Online Language Partner Exchange
I met a guy from the US this summer in China and his Chinese was excellent. I was shocked to find out that he had never had any formal lessons of Chinese, instead learning from a list of the 3,000 most common Chinese characters and regularly conversing with language exchange partners online. It’s certainly a great way to practice speaking and listening, but also an opportunity to share written pieces to ‘correct’ each other’s work. From my experience, you have to be quite self-motivated to regularly meet language exchange partners and end up spending a fortune on coffee. Meeting online takes some of this strain away – and homebrews will save you some pennies! Websites such as italki, Gospeaky and My Language Exchange offer this service and all have in-browser call systems so there is no need to use external applications such as Skype.
Get your writing corrected – Lang-8
Lang-8 is a free website where you can receive corrections on text you write in any target language. When signing up, you input your first language and target language(s) and can then choose pieces to mark in your native language. As you correct pieces you receive points, and in return when you post pieces in the target language you are more likely to be favourably corrected by other users. Most articles go corrected (with the exception of people who refuse to mark in their target language). A top tip is to keep a diary and have your daily/weekly diary entries corrected by native speakers. Keeping a diary is a great way to improve your language skills and if you have a certain person online who you share with, it can be a great incentive to write more regularly. Through this you can also meet language exchange partners, although you would have to add them on Skype as there is no inbuilt call system.
Most of the resources up to now have been free, so I thought I would introduce a couple of paid resources that might be worth a try. Both of them have free trials (one week for Skritter and a complementary free course for ChinesePod), so you aren’t committed by signing up.
Skritter is a great tool to master writing Chinese characters with the correct stroke order. Their unique spaced repetition software is great in that it requires full knowledge of the character and stroke order to be marked ‘correct’. Most other spaced repetition software systems simply rely on users to ‘self-grade’ their answers. There’s also a whole host of pre-loaded decks – they likely already have your textbook – so you don’t have to create your own. We recently implemented a feature on TCB where users can export to a few selective platforms, one of which is Skritter. They also have an institutional license that is used by many schools and universities, so it’s undoubtedly a highly regarded resource.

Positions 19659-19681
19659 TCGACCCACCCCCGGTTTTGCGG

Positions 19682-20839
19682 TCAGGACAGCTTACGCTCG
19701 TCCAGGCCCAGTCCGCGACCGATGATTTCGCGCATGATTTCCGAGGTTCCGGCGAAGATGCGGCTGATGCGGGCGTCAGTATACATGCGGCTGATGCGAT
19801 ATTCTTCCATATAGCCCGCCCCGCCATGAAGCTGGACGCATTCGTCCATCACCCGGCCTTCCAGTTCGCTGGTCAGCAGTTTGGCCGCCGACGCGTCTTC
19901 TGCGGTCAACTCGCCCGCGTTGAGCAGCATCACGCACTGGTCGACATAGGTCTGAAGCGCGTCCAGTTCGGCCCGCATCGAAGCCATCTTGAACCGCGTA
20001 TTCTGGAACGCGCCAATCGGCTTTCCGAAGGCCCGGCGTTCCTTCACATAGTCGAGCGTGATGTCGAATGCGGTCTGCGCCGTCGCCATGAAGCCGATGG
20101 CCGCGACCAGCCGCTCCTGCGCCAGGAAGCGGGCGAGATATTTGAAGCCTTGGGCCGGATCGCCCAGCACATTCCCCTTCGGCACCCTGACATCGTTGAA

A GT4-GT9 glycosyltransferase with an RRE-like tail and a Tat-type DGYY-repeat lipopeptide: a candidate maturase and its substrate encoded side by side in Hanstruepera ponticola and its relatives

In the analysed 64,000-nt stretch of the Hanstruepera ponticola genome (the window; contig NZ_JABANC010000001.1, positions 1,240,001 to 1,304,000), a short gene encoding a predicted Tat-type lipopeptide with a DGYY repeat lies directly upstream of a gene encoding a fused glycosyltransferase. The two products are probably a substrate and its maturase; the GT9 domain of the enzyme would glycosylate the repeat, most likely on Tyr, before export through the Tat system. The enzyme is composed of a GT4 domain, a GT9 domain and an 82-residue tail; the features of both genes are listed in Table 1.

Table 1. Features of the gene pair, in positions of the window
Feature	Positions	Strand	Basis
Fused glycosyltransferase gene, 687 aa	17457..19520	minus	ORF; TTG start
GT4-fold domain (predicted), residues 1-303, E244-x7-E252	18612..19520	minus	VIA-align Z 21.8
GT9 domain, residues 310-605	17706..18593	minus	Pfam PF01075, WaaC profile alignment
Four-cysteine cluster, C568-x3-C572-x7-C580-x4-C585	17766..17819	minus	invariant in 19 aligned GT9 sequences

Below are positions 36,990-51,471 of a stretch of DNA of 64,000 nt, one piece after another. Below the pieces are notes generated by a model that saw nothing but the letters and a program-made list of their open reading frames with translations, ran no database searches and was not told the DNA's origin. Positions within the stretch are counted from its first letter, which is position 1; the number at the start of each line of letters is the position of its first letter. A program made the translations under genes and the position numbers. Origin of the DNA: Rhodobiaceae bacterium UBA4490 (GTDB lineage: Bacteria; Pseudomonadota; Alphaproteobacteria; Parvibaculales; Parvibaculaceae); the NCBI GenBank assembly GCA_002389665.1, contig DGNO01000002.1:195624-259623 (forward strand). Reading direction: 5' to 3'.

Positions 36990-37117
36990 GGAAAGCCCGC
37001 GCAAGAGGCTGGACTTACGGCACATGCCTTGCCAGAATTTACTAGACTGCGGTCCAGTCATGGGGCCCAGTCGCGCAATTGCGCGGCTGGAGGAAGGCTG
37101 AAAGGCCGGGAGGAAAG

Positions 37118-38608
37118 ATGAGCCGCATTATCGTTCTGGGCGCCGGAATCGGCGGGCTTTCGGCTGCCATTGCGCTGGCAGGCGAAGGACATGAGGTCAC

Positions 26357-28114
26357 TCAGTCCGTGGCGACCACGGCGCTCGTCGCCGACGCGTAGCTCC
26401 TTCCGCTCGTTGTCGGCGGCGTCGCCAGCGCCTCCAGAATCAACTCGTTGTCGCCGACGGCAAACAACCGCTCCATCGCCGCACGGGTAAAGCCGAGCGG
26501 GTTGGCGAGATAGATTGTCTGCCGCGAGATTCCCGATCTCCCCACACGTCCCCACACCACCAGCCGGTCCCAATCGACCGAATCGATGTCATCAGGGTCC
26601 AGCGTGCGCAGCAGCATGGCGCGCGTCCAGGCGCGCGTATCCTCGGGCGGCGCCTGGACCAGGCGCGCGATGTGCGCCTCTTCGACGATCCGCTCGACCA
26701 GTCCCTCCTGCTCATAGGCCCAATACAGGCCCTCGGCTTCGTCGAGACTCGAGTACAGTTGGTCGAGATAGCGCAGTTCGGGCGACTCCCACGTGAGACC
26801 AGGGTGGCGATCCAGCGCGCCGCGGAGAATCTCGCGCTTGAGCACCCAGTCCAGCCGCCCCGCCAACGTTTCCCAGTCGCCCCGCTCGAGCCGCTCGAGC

ChinesePod is a really popular situational dialogue lesson website, which also includes 1-to-1 language tuition. I haven’t personally used it but know of many people who have. Its short lessons fit around a busy schedule and the higher subscription packages offer short, prepared lessons of 20 minutes via Skype with a tutor, so it’s a good way to keep on top of Chinese without taking too much out of your day!
An alternative resource – Couch Surfing
One alternative language-learning resource is Couch Surfing, the popular website helps people find free places to stay in cities as they travel. One thing that not many people realise is that they also organise meetups and language exchange events in many cities, so there’s no need to offer up your sofa. This can be a great way to meet language exchange partners in a safe and comfortable environment.
It would be great to hear our users’ thoughts on the best online resources for learning Mandarin, so please get in touch through our contact form or on social media if you have anything to add! I’m sure there are some great resources that I haven’t been able to try, so it would be great to create a discussion and share ideas.
I would also like to extend a big ‘thank you’ to Frances Weightman at the University of Leeds, who invited me to talk at the event. She has been hugely supportive of TCB both before and since our launch, and we are extremely grateful to her.
Keep an eye out for our app for both iOS and Android which is due to be released soon – here’s a few sneak previews: